With all the Arab caterwauling about Jerusalem and al-Aksa, it's worth noting that if it were not for Arab aggression, the Old City of Jerusalem would still be Jew free.

Israeli troops at the Kotel, the Western Wall, 1967

The Israeli victory in 1967 was one of the most amazing in modern times. And the Arabs have spent 40 years and literally billions of dollars trying to undo it.

The consensus in the dinosaur media and among Middle East `realists' is that Middle East peace would magically return and sweetness and light would reign if Israel would only return to the ceasefire lines of June 4, 1967, which one time Israeli ambassador to the UN aptly called `the Auschwitz lines.' They make a great deal of noise about the Saudi `peace' ultimatum, which supposedly offers Israel unspecified `normal relations' in exchange for moving back to those indefensible borders and swamping what's left of Israel with millions of hostile Arab `refugees.'

These people have conveniently forgotten the lesson of buildup to the 1967 war, when Israel relied on paper security guarantees from the west and the UN that turned out to be worthless and her Arab enemies were busily preparing Israel's extinction...while the world did absolutely nothing to prevent it.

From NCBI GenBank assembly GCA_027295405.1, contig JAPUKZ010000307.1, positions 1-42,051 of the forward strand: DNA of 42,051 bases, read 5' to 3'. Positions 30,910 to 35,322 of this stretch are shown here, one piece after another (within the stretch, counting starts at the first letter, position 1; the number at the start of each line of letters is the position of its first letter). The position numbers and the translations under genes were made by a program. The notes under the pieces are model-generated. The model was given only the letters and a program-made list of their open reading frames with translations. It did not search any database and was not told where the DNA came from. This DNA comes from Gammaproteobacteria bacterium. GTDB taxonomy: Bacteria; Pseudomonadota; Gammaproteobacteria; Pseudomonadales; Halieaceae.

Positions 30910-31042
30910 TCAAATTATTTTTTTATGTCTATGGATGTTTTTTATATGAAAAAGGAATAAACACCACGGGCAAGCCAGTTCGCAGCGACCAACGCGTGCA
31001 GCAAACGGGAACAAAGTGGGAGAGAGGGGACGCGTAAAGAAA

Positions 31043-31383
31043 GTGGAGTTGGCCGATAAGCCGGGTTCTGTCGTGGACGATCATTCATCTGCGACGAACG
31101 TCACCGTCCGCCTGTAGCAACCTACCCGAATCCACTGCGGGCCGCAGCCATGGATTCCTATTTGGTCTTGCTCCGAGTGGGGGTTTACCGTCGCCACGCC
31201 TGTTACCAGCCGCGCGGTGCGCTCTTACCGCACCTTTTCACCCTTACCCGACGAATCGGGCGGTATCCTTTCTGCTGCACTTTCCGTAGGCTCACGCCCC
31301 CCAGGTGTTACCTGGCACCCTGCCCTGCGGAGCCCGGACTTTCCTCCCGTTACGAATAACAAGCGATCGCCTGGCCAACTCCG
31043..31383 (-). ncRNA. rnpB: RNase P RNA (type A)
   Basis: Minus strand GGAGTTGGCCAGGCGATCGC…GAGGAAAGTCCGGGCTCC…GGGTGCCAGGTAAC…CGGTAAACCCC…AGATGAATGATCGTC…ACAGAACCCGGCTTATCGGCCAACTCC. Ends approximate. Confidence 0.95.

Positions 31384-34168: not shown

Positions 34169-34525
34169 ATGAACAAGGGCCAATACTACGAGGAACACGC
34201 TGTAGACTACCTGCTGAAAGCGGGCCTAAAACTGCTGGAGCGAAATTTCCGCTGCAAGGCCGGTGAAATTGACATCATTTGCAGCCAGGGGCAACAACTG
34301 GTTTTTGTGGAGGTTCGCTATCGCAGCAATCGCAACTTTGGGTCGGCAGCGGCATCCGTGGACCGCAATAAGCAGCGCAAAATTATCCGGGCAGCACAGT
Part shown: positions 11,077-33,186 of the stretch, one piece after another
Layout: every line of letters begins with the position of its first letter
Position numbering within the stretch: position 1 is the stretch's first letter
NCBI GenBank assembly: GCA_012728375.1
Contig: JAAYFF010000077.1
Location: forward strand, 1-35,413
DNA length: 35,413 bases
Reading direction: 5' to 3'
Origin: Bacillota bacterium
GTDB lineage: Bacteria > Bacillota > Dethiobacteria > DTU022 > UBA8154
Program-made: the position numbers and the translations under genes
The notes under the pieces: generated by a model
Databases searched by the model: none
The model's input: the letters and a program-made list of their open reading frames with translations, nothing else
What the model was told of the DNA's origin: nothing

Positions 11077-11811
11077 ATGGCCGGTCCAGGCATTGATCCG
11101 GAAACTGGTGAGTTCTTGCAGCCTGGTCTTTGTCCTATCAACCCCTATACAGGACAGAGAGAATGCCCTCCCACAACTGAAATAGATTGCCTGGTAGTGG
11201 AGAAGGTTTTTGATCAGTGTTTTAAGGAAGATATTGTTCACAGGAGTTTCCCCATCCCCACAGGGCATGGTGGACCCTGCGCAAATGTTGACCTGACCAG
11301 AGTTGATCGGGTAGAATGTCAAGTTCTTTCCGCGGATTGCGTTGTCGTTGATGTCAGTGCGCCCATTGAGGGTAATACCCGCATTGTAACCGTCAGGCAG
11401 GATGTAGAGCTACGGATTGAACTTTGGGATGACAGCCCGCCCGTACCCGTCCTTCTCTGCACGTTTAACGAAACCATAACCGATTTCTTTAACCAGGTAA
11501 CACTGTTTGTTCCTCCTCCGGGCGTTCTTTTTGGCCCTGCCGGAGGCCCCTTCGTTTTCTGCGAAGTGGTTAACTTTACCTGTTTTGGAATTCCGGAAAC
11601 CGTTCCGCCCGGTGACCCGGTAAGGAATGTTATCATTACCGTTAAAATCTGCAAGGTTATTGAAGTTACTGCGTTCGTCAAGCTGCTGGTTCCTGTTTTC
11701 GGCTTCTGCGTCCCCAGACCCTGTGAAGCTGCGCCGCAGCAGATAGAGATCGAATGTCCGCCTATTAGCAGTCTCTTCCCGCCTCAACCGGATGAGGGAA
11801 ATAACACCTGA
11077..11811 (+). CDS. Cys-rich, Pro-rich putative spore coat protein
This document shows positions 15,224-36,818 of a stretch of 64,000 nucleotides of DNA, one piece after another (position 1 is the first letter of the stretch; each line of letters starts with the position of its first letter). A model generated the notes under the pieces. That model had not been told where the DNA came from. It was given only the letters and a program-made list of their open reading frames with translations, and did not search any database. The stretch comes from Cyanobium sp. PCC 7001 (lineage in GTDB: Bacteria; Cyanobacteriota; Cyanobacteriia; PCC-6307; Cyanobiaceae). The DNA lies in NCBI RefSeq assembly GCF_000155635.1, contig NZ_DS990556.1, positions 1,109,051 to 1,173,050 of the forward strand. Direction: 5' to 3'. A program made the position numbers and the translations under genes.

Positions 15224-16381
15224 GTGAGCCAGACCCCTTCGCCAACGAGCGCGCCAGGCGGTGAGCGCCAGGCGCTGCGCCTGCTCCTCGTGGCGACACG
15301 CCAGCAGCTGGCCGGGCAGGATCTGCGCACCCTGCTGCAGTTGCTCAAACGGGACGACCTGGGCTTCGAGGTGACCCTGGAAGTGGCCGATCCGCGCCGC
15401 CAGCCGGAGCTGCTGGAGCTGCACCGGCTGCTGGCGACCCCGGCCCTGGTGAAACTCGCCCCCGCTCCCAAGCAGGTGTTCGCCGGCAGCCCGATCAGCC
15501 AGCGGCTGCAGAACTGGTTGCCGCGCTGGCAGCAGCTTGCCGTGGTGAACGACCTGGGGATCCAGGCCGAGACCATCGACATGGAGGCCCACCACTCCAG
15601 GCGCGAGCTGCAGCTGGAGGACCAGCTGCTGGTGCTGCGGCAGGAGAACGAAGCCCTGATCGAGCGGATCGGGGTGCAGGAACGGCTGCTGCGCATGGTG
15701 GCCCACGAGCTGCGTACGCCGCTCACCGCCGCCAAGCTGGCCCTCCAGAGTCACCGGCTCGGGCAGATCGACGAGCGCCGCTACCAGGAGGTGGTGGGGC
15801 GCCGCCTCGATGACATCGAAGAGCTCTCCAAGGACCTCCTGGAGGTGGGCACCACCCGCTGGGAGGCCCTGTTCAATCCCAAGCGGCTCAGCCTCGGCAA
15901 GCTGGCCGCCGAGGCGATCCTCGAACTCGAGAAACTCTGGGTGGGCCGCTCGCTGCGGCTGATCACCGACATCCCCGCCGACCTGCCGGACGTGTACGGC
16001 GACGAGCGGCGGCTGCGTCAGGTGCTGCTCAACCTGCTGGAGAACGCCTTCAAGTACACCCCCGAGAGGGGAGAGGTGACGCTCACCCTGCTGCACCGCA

A hat tip to Soccer Dad and the Old General for pushing me to write this...


Anonymous said...

......well, last night the PBS affiliate in oklahoma had a two hour segment on the '67 war. i was going to send ff an e-mail, so as to not post one of my too numerous to mention, off topic comments.
instead ff either used ESP or some sort to actually describe my thoughts about the PBS segment. the joooos were described as religious zealots waging jihad.
one thing i did not understand about the PBS piece and ff essay did not clear up/mention was that prior to the out break of hostilities every army in the region had signed over command to nassar. that meant that an egyptian general had command of hussein's forces pushing into jerusalem. the segment protrayed hussein as initially hesitant on "throwing in" with his arab brothers. but in the end, arab pressure, more likely palestinian pressure, forced his hand.
it was interesting to see our eternal friends, even then, sounding off about exterminating the jooos.
the PBS segment also went into some detail regarding the USSR painting their jets with egyptian markings and preparing to send them into the fray.